It’s safe to say that judicial urging and the 2009 Sedona Conference “proclamation” calling for cooperation in the discovery process apparently has not had quite the effect of a Mafia Commission edict.
Litigators are adversarial. Trial attorneys more so. Civil litigation often involves issues that are complicated. Many times parties cannot be sketched in black or white. Charcoals are needed.
And yet, litigation lawyers, often unconsciously, adopt a “there’s us, and there’s them” outlook, adopting their clients, and saying things like “we didn’t do anything wrong” when discussing the actions of their clients.
It’s stitched into the litigation fabric and into attorneys. Not to mention the fundamental mandate about zealous advocacy.
So, how realistic is it to expect attorneys to compartmentalize in such a way?
Sure, in some cases real cooperation does—and will-- happen. But as someone more cynical than myself might point out, those cases probably never should’ve gotten to a judge anyway.
But for the greater number of Hatfield and McCoy litigations (and given the lack of civility in legal practice more and more mundane fare takes on the appearance of a blood feud), will judicial or policy group proselytizing alone prompt any measure of voluntary compliance?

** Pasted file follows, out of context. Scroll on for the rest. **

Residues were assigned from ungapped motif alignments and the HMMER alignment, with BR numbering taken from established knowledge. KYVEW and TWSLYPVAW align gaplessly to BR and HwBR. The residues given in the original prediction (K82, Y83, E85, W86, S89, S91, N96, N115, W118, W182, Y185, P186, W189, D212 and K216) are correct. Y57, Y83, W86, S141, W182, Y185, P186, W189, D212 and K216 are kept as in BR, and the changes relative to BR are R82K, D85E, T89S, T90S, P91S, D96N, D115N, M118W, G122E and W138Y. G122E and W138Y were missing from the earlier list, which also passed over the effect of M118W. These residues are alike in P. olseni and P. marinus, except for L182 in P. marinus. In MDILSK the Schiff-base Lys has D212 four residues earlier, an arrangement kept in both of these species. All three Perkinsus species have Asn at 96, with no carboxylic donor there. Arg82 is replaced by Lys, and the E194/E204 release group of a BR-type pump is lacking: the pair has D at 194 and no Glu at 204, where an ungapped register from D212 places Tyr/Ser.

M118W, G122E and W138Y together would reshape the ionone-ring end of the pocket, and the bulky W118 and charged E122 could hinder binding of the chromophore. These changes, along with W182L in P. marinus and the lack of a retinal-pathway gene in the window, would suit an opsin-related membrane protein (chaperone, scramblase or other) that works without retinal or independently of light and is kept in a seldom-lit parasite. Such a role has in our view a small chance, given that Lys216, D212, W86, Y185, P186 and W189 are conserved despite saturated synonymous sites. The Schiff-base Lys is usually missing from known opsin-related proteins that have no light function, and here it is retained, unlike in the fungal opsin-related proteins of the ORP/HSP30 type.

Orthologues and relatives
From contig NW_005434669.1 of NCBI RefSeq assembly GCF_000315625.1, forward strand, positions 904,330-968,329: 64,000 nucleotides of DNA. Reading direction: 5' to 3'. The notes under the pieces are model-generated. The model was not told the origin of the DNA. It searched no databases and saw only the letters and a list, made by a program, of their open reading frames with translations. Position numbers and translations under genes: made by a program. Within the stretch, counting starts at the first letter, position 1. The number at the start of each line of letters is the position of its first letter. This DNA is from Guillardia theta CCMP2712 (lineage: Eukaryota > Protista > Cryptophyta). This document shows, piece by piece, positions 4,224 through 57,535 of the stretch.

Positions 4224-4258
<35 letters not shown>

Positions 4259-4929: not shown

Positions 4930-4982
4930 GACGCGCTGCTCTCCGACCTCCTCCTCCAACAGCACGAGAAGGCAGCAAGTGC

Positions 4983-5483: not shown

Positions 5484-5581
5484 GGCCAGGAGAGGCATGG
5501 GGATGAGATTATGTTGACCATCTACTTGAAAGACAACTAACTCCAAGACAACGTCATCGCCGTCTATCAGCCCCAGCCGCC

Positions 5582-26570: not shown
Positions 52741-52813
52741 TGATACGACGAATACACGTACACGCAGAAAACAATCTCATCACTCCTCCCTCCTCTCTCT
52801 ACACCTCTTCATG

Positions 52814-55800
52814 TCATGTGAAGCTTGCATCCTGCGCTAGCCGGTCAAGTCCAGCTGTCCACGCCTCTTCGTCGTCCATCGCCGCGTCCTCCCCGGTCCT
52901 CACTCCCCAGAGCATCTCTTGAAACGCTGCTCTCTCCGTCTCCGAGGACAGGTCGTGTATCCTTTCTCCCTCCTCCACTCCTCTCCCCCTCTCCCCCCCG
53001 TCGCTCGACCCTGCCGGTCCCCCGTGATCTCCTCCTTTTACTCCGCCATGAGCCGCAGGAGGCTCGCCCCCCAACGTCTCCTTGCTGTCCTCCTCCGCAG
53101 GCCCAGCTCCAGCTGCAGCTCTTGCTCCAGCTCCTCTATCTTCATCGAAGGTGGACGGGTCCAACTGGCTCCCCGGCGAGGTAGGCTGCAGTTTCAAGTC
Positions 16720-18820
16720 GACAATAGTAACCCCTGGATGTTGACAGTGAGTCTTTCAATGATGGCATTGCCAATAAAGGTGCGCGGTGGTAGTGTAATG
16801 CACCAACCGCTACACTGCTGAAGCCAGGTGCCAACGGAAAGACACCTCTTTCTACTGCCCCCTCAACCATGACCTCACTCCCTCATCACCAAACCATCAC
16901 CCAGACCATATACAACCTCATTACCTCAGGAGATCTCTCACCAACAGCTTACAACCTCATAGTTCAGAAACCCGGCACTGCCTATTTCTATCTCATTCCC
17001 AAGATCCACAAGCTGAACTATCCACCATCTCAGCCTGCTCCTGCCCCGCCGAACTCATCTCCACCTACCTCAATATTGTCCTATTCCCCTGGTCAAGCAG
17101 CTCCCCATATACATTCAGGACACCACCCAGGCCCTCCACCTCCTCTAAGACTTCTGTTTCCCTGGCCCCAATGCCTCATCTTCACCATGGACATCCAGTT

True, I concede, there is the apocryphal Christmas Truce during WWI. A better lesson for the judiciary probably comes from Cnut. One can’t simply order back the tide.
Asking lawyers to -- from their perspective and possibly that of their clients -- forego their deep-rooted sense of responsibility to the best interest of their clients, not to mention the likely reaction of clients themselves to their lawyers making concessions, is proving to be too much. There is to some extent, as they say in business compliance circles, a misalignment of incentives. And when this happens, best laid plans “gang aft agley”.
A fundamentally different approach has to be considered. Think honest broker.
Now, the holiday is upon us, and it’s a natural time to sentimentalize… to wax hopeful. But as Franklin Pierce Adams of the Algonquin Roundtable observed about December 26th: “Christmas is over, and business is business.”
So with the end of the holidays soon upon us, let me bluntly argue for the end of the age of innocence, for the acceptance of a certain reality, and invite a discussion on addressing the problem differently:
“No Virginia, there is no cooperation fairy.”